Method and System of Elasto-Optical Tomography for Breast Cancer Imaging
Background: Currently, X-ray mammography is the widely accepted method for the detection of changes in the breast that may be cancer. However, this screening technique lacks specificity to determine whether detected abnormalities are either benign or malignant. A significant number of suspicious masses referred by mammography for surgical biopsy are in fact, found to be benign. These false-positive mammograms may cause patient anxiety and lead to increase healthcare costs. Technology: To overcome these limitations associated with mammography, efforts have been made to develop new techniques which can offer better tumor detection and characterization. University of California researchers have developed a new imaging modality called elasto-optical tomography to detect and characterize breast tissue abnormalities based on reconstructed elastic and optical indicators.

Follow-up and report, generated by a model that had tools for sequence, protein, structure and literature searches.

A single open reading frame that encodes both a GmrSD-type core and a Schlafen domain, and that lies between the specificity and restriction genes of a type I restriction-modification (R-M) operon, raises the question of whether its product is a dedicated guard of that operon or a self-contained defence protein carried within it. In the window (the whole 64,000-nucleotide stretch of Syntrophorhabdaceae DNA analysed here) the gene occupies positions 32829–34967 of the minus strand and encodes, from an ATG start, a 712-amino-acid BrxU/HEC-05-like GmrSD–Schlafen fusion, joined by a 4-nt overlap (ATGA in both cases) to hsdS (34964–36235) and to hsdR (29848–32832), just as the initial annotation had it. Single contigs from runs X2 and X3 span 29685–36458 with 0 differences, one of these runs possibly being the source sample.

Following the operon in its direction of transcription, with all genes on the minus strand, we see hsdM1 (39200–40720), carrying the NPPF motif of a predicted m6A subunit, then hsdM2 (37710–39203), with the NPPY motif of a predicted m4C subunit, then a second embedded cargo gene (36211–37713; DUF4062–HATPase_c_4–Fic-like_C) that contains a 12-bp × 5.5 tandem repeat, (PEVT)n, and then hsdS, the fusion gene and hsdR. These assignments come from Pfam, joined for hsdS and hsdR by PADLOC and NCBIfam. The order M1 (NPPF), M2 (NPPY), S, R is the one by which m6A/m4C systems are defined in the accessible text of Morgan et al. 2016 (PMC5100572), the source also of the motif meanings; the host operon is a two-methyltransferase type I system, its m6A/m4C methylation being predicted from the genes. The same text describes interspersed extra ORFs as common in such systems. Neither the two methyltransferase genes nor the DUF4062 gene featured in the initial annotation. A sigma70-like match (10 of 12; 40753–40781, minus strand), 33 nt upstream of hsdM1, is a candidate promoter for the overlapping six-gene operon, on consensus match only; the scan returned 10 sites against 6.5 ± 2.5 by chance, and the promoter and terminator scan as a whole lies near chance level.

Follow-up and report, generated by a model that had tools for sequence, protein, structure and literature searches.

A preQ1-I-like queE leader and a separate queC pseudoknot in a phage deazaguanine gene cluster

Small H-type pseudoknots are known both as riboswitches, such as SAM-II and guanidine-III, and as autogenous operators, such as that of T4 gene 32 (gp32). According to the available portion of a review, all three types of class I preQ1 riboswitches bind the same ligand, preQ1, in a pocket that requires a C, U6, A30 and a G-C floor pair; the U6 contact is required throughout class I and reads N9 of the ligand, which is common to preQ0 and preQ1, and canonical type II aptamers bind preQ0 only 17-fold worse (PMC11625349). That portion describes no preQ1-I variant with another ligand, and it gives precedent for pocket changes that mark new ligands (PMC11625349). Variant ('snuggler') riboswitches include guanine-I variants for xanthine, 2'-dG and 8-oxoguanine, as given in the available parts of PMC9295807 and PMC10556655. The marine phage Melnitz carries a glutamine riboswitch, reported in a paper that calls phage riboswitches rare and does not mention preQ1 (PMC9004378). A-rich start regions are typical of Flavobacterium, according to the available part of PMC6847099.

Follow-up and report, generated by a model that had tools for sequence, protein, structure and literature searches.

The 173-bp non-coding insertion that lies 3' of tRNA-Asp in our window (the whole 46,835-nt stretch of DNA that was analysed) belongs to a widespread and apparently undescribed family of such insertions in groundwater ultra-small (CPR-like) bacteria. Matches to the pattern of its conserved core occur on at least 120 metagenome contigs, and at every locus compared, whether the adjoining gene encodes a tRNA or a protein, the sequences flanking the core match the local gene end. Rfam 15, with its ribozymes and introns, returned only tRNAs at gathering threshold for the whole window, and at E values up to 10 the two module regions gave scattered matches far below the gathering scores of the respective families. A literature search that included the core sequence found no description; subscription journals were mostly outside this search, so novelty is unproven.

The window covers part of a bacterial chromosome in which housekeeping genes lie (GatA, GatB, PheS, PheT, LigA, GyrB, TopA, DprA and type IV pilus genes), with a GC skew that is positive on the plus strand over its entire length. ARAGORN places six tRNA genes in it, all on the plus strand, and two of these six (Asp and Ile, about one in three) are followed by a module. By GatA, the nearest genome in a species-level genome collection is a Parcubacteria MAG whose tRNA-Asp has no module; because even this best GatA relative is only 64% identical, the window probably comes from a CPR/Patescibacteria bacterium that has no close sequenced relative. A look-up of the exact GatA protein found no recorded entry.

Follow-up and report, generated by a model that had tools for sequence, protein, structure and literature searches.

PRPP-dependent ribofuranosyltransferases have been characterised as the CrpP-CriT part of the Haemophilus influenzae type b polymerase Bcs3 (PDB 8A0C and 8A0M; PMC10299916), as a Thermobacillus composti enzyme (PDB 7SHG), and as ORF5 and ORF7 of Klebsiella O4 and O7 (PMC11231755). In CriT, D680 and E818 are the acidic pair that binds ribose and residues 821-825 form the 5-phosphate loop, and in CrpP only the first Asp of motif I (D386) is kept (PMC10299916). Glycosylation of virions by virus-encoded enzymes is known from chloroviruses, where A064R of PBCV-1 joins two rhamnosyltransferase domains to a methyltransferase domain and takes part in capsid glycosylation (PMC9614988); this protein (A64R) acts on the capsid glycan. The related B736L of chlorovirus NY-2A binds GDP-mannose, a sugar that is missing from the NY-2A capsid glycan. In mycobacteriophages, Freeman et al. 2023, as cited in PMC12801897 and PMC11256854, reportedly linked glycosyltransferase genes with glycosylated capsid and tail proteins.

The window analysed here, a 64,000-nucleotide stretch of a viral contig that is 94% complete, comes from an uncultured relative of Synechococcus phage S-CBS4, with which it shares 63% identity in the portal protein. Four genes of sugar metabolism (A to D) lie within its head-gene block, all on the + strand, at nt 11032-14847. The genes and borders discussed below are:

Elasto-optical tomography combines elastography with diffuse optical tomography (DOT) and makes measurements at two different levels of breast compression. The purpose of this development is to provide higher specificity and more useful information for breast cancer diagnosis. The interaction of mechanical compression with optical absorption and scattering enables the presentation of micro-structural information which can be used to identify and characterize breast carcinoma from normal breast tissue.
Either elastography or DOT is used to differentiate malignant masses from normal tissue based on one specific property of the tissue. Elasto-optical tomography is a multi-modal technique and not only depends on two distinct properties of the tissue (elastic or optical) but also takes into account the interactions of these two properties on each other, thereby establishing a unique and robust tool for breast cancer detection. Application: The proposed invention can be complemented in the current medical imaging systems such as MR-guided DOT.
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